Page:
Love lifts start-up returns

Playing to the market won't make a great start-up, but a passion for your idea will.
Written by Mahesh Sharma, Correspondent

When we recently discussed the genesis of travel start-up Arribaa, co-founder Colette Grgic passionately spoke about "generosity", "gratitude" and "goodwill" as her key goals. Alongside the efforts of two other Australian female founders, she has demonstrated that true innovation occurs when you do what you love.

This flies in the face of the recent raft of uninspired, "me too" products and applications, where entrepreneurs have gambled their futures in the high-stakes game of Silicon Valley roulette. This game demands that a company rapidly acquire users (market share), which can be leveraged for a multimillion-dollar investment, or, ideally, a buy-out.

An example of this is the explosion of local group-buying clones. Investors parted with huge sums of cash to grab a slice of the market in a very short period of time, which delivered several start-up beneficiaries: Scoopon (received an AU$80 million investment from James Packer and others); Spreets (bought by Yahoo for AU$40 million); Jump On It (snapped up by LivingSocial).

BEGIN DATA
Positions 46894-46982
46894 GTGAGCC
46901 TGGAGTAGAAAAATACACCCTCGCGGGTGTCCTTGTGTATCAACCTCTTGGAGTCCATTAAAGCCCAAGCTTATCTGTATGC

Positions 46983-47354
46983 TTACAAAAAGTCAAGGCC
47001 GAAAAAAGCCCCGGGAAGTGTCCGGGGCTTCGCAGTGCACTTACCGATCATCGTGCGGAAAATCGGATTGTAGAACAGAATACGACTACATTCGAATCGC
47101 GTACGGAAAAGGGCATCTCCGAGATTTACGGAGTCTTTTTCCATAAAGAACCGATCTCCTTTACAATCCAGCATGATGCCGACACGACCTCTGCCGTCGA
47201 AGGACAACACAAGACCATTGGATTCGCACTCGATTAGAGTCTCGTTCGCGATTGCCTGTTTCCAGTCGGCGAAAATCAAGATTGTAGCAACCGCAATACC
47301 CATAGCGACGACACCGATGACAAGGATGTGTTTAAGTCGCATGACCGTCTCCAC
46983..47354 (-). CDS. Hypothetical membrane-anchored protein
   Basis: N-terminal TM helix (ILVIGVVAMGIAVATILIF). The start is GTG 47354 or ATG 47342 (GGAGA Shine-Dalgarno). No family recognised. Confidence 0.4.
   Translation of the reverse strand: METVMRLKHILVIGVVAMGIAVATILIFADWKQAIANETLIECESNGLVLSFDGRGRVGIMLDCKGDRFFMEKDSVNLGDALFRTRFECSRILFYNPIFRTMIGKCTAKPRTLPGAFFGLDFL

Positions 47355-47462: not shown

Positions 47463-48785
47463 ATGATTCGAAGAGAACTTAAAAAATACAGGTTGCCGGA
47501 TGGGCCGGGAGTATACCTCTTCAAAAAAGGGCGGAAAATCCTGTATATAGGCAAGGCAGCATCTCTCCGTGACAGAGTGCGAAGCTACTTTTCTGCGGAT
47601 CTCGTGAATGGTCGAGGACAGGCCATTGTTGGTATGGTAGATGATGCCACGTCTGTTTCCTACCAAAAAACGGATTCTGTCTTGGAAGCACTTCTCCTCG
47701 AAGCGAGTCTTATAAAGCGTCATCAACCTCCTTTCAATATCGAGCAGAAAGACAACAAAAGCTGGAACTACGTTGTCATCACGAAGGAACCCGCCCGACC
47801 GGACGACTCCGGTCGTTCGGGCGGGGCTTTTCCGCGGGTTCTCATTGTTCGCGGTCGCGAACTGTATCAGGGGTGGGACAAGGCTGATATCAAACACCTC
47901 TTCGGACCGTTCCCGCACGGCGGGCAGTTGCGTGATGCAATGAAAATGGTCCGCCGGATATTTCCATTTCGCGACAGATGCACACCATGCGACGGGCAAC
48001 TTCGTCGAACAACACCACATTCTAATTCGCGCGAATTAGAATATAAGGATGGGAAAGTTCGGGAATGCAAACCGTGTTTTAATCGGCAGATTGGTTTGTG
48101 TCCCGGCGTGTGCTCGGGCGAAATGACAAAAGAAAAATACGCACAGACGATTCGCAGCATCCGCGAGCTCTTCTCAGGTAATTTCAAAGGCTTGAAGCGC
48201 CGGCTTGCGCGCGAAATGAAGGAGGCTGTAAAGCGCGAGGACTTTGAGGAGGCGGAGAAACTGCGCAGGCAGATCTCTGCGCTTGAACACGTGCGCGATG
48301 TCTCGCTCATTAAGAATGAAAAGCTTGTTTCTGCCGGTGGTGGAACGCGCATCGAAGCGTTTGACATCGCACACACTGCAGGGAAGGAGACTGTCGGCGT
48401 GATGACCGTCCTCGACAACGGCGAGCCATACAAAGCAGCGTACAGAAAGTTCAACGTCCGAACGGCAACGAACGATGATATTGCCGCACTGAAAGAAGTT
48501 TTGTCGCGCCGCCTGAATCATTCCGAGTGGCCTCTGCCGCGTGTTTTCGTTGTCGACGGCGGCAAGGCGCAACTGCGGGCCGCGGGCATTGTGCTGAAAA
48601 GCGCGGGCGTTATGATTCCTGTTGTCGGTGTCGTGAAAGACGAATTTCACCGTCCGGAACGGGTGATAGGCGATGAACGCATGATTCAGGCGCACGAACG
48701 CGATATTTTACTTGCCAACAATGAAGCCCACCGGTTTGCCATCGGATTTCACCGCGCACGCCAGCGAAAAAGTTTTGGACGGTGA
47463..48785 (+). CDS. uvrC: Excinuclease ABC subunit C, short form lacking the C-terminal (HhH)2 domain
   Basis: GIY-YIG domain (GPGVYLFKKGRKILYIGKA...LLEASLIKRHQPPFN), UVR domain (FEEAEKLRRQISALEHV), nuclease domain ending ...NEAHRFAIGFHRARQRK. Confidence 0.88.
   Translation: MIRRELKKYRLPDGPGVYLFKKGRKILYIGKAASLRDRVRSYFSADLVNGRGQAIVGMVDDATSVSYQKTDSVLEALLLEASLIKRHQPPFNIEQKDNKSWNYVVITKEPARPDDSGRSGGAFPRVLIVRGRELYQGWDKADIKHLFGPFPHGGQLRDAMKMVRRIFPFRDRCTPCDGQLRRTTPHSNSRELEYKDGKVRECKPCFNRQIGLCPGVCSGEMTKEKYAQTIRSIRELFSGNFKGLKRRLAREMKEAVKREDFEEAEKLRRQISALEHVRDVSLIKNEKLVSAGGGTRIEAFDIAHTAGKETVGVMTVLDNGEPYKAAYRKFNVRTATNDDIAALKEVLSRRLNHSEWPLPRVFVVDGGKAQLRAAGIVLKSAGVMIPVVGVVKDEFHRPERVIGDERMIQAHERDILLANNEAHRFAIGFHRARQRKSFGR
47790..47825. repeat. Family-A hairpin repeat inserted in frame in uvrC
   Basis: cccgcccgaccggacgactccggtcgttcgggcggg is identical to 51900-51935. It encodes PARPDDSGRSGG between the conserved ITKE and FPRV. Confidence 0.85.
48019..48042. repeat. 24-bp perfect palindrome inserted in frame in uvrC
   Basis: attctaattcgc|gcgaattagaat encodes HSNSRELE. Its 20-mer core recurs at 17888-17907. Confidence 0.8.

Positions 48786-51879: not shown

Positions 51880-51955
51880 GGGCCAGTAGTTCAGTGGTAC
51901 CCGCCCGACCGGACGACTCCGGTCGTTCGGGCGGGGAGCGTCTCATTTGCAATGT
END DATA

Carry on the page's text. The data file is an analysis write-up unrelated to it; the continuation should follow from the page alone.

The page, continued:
Creating start-ups with this get-rich-quick mentality suffocates ideas that strive to change the human experience — a key opportunity of today's technology resources.

In the midst of this, inspired founders have followed their passions to success.

Avis Mulhall of mmMule believes that individual travellers can unite societies, specifically helping community projects, and her powerful message has been picked up by media outlets around the world. Jenna Tregarthen of RecoveryRecord was moved to aid her best friend's eating disorder, which qualified her for a Stanford scholarship, and her app has reached over 15,000 people suffering from the disease. Arribaa's Grgic sees travel as a way for people to contribute to, not detract from, a local community. The company has already secured investment.

They see technology as a tool to improve people's lives, and not, which is so often the case, as a shortcut for the get-rich-quick set. It's telling that these Aussie founders for whom money is a secondary concern will be the ones most likely to succeed, and, in a lot of ways, they've already won.

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